~ Craig Smith ~
Using a broad range of learning experiences and case studies that Craig and his colleagues are involved in at the Aspect Hunter School in Newcastle, as well as experiences far beyond the boundaries of the school including road trips to regional schools and adventures to the United Nations in Shanghai, this session will explore how we can best reach all learners though a collation of three key domains: the principles of Universal Design for Learning, of Accessibility, and the utilisation of Special Interests in the classroom.
Participants will come away with a 'Student Instruction Manual' (SIM) designed to attend to the learning needs of students in their class, as well as a framework for implementing iPad in, and out, of their classroom using the three key domains covered in this session. An iTunes U course uniquely designed for this session will be available for participants to access to continue their engagement with the ideas discussed.
Giving us a personal learning perspective.
Craig is Deputy Principal of the Aspect Hunter School for Children with Autism in Newcastle, New South Wales. His days involve conducting Educational Outreach programs across the Hunter Region, coordinating Research Projects and Positive Behaviour Support pedagogy across the Hunter School, and implementing 'iPad Model Classes'. Craig is a PhD candidate in Special Education at the University of Newcastle and has presented at national and international research conferences such as the Asia Pacific Autism Conference, multiple speaking tours of New Zealand, and a recent accessibility workshop for the United Nations in Shanghai. Craig presents primarily on topics related to autism pedagogy, the utilisation of special interests in the classroom and technology. Craig sits on the University of Newcastle Special Education Advisory Board, was awarded the 2011 Elizabeth Hoyles Research Fellowship, was made an Apple Distinguished Educator in 2013, was one of thirty Australian educators selected for the '2015 Hot List' of inspiring teachers as published by The Educator magazine, and is the author is the popular 'iPad Model Classroom' textbook and co-author of the best-selling 'Minecraft In Your Classroom'.
~ Steve Papp & Liz Shenstone ~
Taking students outdoors can have a dramatic impact on learning back in the classroom. The outdoors provides the stimulus to create engaged, creative and self-regulated learners. The key element is student engagement. The world outside can provide a rich context to develop highly engaging authentic and meaningful learning experiences.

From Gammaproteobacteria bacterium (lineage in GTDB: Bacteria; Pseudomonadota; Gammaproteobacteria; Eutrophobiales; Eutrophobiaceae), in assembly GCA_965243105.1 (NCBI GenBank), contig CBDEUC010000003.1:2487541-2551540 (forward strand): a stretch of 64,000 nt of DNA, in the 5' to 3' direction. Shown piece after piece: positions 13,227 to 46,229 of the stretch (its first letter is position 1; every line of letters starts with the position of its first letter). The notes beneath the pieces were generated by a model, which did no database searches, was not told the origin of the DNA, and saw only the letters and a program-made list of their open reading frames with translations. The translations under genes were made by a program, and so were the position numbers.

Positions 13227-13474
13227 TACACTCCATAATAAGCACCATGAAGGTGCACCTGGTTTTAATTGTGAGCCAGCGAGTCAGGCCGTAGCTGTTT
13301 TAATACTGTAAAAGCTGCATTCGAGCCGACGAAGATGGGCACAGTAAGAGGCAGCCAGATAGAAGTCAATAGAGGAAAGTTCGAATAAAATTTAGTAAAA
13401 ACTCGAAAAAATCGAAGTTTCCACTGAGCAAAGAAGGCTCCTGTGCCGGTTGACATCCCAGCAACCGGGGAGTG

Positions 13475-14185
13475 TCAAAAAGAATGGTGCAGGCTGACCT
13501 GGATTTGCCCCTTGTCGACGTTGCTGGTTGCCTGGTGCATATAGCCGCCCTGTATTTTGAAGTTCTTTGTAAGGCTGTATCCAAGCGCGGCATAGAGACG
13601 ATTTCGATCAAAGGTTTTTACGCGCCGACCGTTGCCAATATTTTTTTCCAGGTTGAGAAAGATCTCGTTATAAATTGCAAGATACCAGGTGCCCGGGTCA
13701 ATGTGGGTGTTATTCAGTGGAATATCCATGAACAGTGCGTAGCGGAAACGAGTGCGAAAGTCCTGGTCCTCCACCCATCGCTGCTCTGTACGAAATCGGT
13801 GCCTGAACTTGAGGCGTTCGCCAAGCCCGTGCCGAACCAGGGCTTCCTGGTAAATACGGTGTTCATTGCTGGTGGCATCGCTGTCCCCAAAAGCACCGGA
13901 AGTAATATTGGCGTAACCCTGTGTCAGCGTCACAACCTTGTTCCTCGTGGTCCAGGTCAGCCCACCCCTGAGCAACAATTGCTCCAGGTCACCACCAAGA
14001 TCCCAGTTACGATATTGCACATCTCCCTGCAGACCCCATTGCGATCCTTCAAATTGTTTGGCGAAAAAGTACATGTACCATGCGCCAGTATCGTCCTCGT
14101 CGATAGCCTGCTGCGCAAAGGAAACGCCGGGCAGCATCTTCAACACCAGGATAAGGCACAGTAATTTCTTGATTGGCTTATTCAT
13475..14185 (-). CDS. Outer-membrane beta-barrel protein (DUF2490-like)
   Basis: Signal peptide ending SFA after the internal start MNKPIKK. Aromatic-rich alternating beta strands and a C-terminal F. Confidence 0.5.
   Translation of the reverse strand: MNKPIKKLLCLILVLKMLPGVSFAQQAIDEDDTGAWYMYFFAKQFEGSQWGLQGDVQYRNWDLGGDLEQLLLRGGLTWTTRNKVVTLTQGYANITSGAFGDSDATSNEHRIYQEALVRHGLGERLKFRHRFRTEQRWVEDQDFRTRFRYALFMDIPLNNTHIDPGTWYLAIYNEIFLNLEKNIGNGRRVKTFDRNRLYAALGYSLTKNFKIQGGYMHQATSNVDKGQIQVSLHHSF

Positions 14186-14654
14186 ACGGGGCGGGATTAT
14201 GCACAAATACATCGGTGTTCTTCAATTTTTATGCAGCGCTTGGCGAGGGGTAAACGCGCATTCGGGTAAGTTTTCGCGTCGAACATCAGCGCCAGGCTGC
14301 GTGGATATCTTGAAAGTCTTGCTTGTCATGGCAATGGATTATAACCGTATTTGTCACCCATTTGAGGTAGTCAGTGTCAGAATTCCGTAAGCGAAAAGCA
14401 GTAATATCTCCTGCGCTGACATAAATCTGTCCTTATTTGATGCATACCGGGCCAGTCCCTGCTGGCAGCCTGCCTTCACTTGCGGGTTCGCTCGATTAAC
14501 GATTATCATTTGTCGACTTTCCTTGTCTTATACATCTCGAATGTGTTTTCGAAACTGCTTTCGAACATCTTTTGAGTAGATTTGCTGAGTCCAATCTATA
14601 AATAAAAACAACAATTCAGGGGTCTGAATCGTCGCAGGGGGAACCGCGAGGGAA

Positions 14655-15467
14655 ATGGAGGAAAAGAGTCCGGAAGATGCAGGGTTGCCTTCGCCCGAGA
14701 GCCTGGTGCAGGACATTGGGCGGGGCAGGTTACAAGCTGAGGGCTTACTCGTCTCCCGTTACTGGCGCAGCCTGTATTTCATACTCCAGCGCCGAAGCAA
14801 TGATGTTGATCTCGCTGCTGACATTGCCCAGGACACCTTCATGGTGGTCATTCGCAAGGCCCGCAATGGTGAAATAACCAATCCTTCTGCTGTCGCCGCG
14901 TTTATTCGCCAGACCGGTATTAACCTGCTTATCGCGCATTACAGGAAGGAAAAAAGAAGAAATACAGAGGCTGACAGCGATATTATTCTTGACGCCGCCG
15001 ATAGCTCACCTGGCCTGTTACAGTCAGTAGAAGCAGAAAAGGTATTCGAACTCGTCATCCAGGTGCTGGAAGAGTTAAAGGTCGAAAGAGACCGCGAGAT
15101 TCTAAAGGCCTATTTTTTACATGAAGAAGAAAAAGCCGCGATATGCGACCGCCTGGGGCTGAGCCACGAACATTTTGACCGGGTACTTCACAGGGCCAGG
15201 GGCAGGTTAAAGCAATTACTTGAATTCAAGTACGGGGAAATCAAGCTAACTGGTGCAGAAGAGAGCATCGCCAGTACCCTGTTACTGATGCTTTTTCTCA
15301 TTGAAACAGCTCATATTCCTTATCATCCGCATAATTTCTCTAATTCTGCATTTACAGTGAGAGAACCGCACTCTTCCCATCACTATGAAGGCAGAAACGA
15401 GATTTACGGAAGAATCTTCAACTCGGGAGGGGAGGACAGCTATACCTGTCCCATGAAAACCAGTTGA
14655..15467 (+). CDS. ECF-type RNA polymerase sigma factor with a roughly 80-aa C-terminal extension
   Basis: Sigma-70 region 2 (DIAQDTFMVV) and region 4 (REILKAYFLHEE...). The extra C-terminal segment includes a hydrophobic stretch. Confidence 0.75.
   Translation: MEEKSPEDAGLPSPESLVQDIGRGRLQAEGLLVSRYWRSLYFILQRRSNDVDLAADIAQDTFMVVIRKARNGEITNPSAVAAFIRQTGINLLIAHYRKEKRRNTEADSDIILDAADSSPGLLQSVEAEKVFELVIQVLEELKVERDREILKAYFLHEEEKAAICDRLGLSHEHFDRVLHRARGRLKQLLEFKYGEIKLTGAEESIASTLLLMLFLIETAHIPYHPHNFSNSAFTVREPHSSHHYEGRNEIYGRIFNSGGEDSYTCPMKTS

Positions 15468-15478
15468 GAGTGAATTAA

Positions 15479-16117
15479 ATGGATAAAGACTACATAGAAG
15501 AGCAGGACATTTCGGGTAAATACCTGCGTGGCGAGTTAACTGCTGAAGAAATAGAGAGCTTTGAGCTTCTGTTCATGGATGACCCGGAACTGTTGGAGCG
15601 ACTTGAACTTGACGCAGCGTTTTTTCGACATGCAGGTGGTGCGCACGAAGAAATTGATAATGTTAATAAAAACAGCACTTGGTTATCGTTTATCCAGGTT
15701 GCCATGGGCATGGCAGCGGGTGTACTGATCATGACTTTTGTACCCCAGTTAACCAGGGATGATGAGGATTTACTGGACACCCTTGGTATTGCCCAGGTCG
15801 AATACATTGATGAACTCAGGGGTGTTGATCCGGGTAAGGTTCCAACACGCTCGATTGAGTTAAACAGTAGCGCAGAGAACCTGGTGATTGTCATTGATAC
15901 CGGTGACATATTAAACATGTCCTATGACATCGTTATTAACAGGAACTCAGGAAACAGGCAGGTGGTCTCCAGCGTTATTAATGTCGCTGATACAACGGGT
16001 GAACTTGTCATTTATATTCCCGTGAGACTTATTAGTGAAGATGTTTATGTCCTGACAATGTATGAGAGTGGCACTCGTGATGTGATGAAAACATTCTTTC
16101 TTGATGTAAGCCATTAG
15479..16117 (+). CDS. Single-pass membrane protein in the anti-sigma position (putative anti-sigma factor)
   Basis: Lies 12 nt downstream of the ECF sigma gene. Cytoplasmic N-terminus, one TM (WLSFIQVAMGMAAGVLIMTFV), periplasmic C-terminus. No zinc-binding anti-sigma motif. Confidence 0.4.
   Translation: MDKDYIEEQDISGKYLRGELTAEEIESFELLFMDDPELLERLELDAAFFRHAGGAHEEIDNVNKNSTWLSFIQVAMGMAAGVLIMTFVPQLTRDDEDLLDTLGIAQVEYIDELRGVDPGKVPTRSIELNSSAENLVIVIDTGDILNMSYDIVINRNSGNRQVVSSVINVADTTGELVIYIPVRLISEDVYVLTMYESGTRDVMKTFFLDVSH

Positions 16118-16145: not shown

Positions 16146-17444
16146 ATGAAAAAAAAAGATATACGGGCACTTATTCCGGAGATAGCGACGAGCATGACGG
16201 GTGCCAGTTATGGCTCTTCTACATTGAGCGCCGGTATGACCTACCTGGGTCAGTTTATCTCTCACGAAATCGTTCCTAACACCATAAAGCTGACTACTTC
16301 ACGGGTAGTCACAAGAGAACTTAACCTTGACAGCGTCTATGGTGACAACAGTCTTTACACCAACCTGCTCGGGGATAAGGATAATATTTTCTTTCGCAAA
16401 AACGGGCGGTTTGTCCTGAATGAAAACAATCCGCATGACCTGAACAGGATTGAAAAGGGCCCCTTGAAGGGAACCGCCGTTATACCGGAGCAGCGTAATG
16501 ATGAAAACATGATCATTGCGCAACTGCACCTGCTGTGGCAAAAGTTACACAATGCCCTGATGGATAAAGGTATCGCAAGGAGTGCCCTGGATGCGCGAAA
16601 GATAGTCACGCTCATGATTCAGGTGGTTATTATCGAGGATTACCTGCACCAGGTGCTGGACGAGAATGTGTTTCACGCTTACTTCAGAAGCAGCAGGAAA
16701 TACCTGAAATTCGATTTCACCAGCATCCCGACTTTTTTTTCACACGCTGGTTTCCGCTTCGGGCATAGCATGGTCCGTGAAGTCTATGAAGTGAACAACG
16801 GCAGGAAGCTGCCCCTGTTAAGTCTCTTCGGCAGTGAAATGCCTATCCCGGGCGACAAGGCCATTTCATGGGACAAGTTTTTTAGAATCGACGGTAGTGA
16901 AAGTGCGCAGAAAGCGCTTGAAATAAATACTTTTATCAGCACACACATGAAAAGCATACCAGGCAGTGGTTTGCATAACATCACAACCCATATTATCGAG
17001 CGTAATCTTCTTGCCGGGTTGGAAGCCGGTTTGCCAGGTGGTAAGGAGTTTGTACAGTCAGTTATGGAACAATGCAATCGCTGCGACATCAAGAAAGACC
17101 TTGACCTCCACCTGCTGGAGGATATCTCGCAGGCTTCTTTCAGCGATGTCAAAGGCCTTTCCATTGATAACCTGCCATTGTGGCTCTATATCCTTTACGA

This session will explore the benefits of taking students outdoors and how natural experiences can be enhanced with the authentic use of technology. We will focus on natural learning and untethering from the classroom.
Liz Shenstone is a teacher at the Field of Mars Environmental Education Centre and was named an Apple Distinguished Educator in 2015. With a passion for wildlife and the outdoors, Liz uses digital technologies to connect students to nature. A firm believer in hands-on multimodal education, Liz is an author of a number of Multi-Touch books which inspire curiosity, encourage outdoor exploration and promote authentic learning.
Principal Field of Mars Environmental Education Centre and Apple Distinguished Educator
Steve Papp has a career that spans two decades in classroom and environmental education settings. As the principal of the Field of Mars Environmental Education Centre he has led the innovative use of digital technologies to support fieldwork, environmental and sustainability education. He has pioneered the use of video conferencing to deliver quality authentic learning and content to thousands of students across NSW. In 2013 he was named an Apple Distinguished Educator.
~ Tony Vincent ~
Not only do projects motivate students because they can be an authentic use of technology, they also facilitate active learning, critical thinking, collaboration, and creativity. Tony Vincent showcases several inspiring projects.
Each project begins with a driving question—an open-ended question that focuses the project by creating interest and curiosity. Writing effective driving questions is surprisingly challenging. You want the question to be irresistible to students, which means it cannot sound like a test question.
Tony Vincent gives strategies for refining driving questions that lead to student-focused inquiry, and that’s when students ask and investigate their own questions.
The only thing Tony Vincent likes better than teaching is learning. He currently resides in Council Bluffs, Iowa, but he used to teach fifth grade in Nebraska. Since 1998 he’s been a pioneer in digital learning, having a classroom website before many classrooms even had internet access. In 2001 he had a 1:1 classroom full of Palm Pilots, and in 2005 he started one of the first podcasts from an elementary school. Tony experienced how empowering it was for students to be equipped with tools to help them be productive and creative.
Later he became his school’s technology coach and helped his colleagues integrate technology.
Today Tony Vincent works as a self-employed consultant. He has traveled to 40 states, Canada, Australia, England, and the Caribbean to facilitate workshops and to make presentations to K-12 educators and students.
He has authored books, produced videos, developed an iPad app, and blogged about learning and technology. Tony believes that students learn best when they are engaged in authentic tasks—tasks that matter to them. He has many examples to show, advice to give, and technology to demonstrate.